The increased use of radiologic imaging of the abdomen has been helpful, yet in some circumstances has created new "problems." Pancreatic cystic lesions are identified more often given the expanded use of abdominal imaging. There has been considerable controversy regarding the management of these cystic lesions, and the literature to date has supported the need for surgical intervention. This approach has been justified given the concern for malignant transformation or of missing undetected foci of cancer at the time of the diagnosis. However, the first report suggests that the risk for malignant transformation is not likely if certain imaging criteria are met. Clearly, this is discrepant from previous literature, but it is likely that a tertiary referral center selection bias accounts for the prior data. As such, high-risk referrals would perhaps generate a different population perspective relative to more "real life" practice.

The second report shows that branch-duct IPMNs can also be managed conservatively, albeit with close follow-up. Lesions that are < 3 cm in diameter, have no nodules or thick wall, and are not associated with clinical symptoms/signs (eg, pain, pancreatitis, worsening diabetes, jaundice, weight loss) suggest an absence of malignancy. These lesions typically are located in the head of the pancreas and occur typically later in life (70s and 80s) and have a slight male predominance (1.5:1.0). These clinical parameters are different from mucinous cystic neoplasms (discussed in the first report), which typically are found in the periphery of the body or tail of the pancreas. These lesions also tend to occur earlier in life (50s) and have a marked female predominance (10-20:1).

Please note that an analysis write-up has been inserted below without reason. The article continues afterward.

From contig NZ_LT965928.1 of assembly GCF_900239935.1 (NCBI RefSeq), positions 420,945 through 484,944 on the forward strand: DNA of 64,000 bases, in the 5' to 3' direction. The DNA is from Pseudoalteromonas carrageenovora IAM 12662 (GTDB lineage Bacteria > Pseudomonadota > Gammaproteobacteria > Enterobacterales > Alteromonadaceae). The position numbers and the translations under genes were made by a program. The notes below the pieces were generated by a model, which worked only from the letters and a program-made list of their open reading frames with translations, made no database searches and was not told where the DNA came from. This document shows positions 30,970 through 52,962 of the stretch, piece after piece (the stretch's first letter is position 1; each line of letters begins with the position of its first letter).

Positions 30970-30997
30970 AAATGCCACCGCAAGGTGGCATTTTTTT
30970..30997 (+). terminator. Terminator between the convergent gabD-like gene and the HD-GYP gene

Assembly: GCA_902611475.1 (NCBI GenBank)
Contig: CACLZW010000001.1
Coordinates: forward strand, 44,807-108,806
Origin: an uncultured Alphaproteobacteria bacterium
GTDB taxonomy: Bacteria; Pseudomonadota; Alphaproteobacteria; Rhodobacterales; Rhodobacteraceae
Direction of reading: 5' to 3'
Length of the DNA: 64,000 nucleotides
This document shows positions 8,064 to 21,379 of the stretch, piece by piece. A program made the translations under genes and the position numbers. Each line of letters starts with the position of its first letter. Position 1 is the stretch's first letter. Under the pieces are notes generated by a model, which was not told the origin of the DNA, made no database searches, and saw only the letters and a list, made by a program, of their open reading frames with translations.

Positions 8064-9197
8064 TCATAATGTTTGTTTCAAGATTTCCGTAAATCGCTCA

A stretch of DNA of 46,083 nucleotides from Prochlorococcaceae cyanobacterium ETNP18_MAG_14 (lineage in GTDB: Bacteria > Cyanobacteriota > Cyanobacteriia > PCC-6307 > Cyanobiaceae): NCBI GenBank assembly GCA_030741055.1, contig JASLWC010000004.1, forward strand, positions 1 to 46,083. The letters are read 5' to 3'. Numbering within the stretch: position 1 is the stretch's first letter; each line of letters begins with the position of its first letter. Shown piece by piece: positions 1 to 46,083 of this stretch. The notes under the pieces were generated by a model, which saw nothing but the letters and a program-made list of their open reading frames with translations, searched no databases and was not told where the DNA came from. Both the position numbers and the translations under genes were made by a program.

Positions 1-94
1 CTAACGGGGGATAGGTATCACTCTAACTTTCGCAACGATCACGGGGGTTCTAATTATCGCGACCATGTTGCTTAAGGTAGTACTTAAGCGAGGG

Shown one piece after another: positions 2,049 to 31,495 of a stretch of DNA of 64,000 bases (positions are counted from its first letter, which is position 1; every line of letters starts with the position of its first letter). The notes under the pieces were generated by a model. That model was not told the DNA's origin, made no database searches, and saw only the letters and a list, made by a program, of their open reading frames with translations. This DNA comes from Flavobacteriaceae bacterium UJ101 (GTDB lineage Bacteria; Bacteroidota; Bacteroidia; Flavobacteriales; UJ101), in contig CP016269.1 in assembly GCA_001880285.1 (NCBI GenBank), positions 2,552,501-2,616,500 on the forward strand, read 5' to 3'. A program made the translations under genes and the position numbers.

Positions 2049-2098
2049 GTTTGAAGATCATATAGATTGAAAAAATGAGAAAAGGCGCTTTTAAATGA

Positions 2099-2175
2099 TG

Collectively, these reports provide important and reassuring evidence to support the growing consensus of more conservative management (with close follow-up) for pancreatic cystic lesions. The rationale for following this recommendation is justified by the lower reported malignancy, coupled with the recognizable morbidity and perhaps related mortality associated with more aggressive surgical intervention. These data will be particularly helpful in providing guidance for the management of elderly patients in whom these lesions are often discovered.


Comments on Medscape are moderated and should be professional in tone and on topic. You must declare any conflicts of interest related to your comments and responses. Please see our Commenting Guide for further information. We reserve the right to remove posts at our sole discretion.
Post as: